[Illustration: "I was face to face with my father."]

"Father!" I cried, and reached out for him. I think he thought he saw a ghost. He stood quite still, steadying himself against the door, and his face grew very pale. It was the doctor, ever the most jovial of men, who first recovered himself.

"Bless my soul!" he cried, "bless my soul if here is not Jacob, come back from the wilds as large as life! Welcome home, boy!" and we laughed and shook hands. They had been out to see a friend in the country and had happened upon my train.

At the door of our house, father, who had picked up two of my brothers at the depot, halted and thought.

"Better let me go in first," he said, and, being a small man, put the door of the dining-room between me and mother, so that she could not see me right away.

"What do you think--" he began, but his voice shook so that mother rose to her feet at once. How do mothers know?

"Jacob!" she cried, and, pushing past him, had me in her embrace.

That was a happy tea-table. If mother's tears fell as she told of my brothers, the sting was taken out of her grief. Perhaps it was never there. To her there is no death of her dear ones, but rejoicing in the midst of human sorrow that they have gone home where she shall find them again. If ever a doubt had arisen in my mind of that home, how could it linger? How could I betray my mother's faith, or question it?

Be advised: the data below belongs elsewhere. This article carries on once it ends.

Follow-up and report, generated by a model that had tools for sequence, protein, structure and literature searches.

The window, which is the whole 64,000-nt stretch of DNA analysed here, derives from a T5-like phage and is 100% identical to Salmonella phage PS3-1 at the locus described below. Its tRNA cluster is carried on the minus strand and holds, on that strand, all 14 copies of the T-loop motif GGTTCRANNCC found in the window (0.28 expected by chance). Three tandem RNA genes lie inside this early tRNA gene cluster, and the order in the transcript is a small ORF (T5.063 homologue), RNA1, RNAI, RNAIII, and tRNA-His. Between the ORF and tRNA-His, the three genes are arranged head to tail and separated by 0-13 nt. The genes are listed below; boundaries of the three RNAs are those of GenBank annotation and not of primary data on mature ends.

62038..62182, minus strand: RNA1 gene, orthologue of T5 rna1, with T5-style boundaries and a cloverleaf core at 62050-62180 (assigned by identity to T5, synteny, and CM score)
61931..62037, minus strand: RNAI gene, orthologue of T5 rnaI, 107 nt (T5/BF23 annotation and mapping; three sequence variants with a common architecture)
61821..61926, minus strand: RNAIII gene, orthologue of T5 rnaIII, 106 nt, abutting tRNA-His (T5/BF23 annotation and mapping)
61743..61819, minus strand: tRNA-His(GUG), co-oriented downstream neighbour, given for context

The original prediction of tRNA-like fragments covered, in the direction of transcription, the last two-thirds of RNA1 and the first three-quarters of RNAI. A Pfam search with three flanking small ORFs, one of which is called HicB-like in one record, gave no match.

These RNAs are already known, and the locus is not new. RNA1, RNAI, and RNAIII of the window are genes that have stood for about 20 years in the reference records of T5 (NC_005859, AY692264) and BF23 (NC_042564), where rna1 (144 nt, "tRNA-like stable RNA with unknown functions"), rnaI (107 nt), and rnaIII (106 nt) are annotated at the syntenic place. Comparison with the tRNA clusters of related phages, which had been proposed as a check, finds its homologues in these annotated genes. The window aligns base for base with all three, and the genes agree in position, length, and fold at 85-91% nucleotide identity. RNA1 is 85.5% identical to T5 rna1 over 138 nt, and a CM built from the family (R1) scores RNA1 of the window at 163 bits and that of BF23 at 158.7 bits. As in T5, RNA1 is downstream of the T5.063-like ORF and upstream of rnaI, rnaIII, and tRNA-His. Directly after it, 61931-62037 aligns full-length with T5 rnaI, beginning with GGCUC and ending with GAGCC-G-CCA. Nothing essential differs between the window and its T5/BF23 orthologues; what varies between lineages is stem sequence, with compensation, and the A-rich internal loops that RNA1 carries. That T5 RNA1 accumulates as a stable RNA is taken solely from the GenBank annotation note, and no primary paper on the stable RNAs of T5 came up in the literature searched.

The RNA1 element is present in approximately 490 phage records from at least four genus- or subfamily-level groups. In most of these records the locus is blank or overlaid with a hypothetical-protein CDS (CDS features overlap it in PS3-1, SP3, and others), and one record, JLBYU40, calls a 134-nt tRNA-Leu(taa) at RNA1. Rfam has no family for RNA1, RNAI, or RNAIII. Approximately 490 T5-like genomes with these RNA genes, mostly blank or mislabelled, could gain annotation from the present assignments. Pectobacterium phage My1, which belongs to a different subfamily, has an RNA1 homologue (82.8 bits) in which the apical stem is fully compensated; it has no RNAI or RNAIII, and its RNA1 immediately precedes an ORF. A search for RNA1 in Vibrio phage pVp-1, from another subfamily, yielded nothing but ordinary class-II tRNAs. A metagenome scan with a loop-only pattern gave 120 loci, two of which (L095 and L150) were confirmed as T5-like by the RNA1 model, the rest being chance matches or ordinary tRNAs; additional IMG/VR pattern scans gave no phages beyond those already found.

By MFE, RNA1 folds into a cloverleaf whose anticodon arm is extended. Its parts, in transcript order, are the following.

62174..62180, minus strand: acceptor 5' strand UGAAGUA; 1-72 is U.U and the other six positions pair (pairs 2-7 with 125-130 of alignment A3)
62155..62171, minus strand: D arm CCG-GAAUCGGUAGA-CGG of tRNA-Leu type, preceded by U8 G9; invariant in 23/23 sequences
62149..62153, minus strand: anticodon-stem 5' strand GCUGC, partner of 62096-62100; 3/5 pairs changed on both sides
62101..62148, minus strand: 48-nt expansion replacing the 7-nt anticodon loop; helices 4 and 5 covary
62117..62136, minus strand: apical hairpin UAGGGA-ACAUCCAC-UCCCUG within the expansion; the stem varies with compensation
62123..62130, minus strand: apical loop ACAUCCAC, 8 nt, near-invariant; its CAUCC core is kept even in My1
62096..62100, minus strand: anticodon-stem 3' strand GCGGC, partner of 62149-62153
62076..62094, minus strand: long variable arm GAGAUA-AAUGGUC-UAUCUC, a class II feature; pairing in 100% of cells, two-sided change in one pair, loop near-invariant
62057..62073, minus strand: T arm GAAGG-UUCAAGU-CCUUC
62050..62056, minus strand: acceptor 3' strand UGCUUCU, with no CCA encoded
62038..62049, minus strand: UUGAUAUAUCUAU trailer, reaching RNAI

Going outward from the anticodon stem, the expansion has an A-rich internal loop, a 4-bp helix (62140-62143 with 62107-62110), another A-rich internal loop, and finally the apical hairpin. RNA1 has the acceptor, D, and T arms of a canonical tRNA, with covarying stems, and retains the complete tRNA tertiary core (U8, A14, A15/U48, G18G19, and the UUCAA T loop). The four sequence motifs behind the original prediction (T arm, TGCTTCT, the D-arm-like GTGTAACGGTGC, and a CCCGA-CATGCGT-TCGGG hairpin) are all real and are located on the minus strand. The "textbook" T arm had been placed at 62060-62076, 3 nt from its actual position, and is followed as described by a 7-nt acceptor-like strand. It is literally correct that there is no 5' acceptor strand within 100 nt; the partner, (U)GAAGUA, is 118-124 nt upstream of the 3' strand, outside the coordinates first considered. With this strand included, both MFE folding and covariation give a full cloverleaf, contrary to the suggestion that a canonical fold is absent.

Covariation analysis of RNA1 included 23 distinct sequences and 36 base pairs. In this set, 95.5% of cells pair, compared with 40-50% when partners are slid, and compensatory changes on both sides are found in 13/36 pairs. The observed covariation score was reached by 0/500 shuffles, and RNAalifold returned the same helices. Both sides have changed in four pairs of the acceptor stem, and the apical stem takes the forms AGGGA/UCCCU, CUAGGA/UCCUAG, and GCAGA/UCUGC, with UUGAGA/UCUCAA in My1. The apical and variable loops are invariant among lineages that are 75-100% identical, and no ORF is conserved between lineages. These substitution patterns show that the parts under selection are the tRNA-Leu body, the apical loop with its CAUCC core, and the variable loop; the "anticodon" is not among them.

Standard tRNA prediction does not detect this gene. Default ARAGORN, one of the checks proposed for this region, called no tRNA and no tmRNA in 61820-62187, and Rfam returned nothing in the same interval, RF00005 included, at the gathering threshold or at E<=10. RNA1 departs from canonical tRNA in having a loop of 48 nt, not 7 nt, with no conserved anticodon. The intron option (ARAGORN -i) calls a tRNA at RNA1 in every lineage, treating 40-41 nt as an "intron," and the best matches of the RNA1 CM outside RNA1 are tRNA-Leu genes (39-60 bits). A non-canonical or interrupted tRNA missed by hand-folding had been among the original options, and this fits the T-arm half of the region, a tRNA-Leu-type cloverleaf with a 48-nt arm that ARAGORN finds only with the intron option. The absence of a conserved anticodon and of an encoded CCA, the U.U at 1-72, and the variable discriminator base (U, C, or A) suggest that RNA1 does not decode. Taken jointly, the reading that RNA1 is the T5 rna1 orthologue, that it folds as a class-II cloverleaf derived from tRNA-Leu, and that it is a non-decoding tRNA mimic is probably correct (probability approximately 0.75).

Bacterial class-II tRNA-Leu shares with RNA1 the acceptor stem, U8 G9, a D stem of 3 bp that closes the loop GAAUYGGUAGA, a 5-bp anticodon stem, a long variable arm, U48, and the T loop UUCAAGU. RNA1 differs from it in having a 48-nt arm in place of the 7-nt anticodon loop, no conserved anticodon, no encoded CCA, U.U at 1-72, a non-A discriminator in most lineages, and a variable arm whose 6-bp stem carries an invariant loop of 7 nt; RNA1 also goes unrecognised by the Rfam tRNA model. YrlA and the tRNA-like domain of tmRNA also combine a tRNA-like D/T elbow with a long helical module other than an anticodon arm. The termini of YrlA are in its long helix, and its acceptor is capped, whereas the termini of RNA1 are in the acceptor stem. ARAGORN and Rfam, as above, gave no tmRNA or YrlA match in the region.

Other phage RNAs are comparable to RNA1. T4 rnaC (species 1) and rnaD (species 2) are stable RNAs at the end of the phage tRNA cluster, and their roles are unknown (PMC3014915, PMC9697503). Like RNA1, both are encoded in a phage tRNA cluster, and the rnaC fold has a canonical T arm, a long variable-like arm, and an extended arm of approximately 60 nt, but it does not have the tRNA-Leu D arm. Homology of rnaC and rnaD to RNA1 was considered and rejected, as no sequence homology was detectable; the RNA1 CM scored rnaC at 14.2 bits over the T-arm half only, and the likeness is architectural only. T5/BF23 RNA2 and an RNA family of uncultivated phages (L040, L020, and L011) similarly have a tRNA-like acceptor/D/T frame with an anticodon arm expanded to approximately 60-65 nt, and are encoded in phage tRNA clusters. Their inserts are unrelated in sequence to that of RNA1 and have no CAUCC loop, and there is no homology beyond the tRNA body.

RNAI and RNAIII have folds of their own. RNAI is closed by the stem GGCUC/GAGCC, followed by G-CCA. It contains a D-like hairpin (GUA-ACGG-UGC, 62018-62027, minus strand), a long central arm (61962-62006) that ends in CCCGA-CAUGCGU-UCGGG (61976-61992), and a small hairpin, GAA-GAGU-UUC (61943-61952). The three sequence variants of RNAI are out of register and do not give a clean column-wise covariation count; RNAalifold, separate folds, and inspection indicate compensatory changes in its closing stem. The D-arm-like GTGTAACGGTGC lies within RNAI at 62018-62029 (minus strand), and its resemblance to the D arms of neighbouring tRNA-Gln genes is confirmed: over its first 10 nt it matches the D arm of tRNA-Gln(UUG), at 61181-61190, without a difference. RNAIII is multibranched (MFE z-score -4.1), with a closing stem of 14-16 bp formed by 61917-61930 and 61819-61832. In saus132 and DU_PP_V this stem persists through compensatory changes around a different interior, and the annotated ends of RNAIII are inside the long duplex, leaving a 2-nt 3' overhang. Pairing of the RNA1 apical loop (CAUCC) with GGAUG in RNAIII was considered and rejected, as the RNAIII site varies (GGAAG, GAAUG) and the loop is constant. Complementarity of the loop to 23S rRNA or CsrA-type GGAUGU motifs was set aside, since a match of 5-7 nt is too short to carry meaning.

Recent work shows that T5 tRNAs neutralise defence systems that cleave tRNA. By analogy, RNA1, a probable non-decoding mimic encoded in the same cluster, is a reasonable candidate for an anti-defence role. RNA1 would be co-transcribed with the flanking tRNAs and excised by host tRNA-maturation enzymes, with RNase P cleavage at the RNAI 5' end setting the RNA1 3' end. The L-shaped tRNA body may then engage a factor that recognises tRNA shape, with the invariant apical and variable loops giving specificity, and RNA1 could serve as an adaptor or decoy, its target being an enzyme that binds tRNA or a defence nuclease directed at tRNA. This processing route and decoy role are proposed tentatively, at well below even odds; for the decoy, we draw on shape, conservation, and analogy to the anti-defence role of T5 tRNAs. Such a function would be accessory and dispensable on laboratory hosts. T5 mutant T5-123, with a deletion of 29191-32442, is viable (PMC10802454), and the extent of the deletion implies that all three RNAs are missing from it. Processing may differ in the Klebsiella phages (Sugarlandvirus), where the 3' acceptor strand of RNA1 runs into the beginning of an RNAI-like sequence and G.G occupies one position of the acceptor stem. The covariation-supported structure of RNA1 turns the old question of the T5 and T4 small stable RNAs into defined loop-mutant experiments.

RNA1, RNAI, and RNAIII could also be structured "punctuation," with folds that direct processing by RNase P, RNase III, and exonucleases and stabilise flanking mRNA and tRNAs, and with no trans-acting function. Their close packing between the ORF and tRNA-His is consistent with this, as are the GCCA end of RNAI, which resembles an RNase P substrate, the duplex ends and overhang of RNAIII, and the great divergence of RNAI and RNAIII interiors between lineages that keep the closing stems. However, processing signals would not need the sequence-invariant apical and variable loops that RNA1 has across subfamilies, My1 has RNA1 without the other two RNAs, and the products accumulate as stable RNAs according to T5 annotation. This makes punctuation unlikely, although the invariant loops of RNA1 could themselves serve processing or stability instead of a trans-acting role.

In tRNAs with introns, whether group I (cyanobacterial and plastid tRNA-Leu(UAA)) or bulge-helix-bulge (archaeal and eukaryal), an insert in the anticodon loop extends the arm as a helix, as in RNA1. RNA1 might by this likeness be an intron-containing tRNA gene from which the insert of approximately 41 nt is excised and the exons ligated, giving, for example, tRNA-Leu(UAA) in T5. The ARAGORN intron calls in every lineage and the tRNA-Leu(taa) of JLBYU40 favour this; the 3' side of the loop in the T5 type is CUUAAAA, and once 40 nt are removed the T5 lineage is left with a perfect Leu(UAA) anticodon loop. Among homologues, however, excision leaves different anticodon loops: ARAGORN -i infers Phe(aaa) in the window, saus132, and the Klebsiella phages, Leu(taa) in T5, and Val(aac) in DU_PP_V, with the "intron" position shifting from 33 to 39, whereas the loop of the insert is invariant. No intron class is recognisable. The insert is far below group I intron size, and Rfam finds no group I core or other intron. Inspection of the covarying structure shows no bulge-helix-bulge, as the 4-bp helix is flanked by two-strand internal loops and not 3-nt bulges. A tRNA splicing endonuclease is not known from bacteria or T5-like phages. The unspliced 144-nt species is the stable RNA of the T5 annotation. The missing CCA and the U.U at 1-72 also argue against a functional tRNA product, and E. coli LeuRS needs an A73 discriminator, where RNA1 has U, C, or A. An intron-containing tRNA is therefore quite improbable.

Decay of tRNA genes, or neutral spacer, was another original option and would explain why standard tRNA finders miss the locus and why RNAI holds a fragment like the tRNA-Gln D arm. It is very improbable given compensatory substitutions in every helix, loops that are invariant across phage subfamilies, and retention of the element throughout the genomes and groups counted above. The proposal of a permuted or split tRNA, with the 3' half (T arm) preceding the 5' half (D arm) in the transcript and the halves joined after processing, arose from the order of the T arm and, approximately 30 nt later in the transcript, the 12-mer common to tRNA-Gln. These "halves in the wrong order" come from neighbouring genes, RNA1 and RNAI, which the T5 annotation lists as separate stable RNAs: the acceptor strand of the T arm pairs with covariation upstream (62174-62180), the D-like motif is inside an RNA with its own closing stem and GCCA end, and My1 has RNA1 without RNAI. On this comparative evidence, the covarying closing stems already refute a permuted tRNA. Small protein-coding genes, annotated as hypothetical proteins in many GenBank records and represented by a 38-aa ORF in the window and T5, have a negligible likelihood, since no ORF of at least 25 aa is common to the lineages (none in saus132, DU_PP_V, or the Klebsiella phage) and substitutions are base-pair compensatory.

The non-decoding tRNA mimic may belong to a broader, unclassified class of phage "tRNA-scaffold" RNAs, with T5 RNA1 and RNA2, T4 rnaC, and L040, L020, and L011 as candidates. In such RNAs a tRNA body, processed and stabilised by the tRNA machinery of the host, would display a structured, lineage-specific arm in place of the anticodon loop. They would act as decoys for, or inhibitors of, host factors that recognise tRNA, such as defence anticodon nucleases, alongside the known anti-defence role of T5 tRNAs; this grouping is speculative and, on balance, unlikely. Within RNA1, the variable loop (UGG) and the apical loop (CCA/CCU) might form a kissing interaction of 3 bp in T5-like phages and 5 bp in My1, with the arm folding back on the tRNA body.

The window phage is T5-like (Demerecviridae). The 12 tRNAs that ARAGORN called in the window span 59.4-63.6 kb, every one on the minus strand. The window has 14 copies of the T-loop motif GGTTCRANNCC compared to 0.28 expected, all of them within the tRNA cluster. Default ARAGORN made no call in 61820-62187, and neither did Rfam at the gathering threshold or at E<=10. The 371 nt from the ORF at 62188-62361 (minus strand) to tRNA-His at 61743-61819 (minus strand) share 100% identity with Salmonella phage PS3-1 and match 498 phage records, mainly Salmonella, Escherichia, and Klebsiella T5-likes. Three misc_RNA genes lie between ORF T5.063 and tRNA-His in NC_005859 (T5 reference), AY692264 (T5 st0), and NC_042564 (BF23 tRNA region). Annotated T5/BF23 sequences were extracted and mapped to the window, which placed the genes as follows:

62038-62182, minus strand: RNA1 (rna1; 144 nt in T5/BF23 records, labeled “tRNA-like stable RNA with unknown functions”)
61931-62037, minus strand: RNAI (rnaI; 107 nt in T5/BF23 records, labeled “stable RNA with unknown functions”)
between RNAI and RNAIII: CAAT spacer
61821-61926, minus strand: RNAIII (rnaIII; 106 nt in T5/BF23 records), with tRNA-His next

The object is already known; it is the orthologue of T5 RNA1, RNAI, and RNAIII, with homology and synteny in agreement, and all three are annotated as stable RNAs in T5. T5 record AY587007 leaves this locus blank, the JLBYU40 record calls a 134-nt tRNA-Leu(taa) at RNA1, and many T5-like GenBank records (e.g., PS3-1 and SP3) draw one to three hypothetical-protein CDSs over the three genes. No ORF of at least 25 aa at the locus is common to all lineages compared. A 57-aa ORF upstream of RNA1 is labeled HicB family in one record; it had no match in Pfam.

Perfectly happy were we; but when the tea-things were removed and I began to look restlessly at my watch and talk of an errand I must go, a shadow of anxiety came into my father's eyes. Mother looked at me with mute appeal. They were still as far from the truth as ever. A wild notion that I had come for some other man's daughter had entered their minds, or else, God help me, that I had lost mine. I kissed mother and quieted her fears.

"I will tell you when I come back;" and when she would have sent my brothers with me: "No! this walk I must take alone. Thank God for it."

So I went over the river, over the Long Bridge where I first met Her, and from the arch of which I hailed the light in her window, the beacon that had beckoned me all the years while two oceans surged between us; under the wild-rose hedge where I had dreamed of her as a boy, and presently I stood upon the broad stone steps of her father's house, and rang the bell.

An old servant opened the door, and, with a grave nod of recognition, showed me into the room to the left,--the very one where I had taken leave of her six years before,--then went unasked to call "Miss Elisabeth." It was New Year's Eve, and they were having a card party in the parlor.

"Oh, it isn't--?" said she, with her heart in her mouth, pausing on the threshold and looking appealingly at the maid. It was the same who years before had told her how I kept vigil under her window.

"Yes! it is!" she said, mercilessly, "it's him," and she pushed her in.

[Illustration: Bringing the Loved up Flowers]

I think it was I who spoke first.

"Do you remember when the ice broke on the big ditch and I had you in my arms, so, lifting you over?"

"Was I heavy?" she asked, irrelevantly, and we both laughed.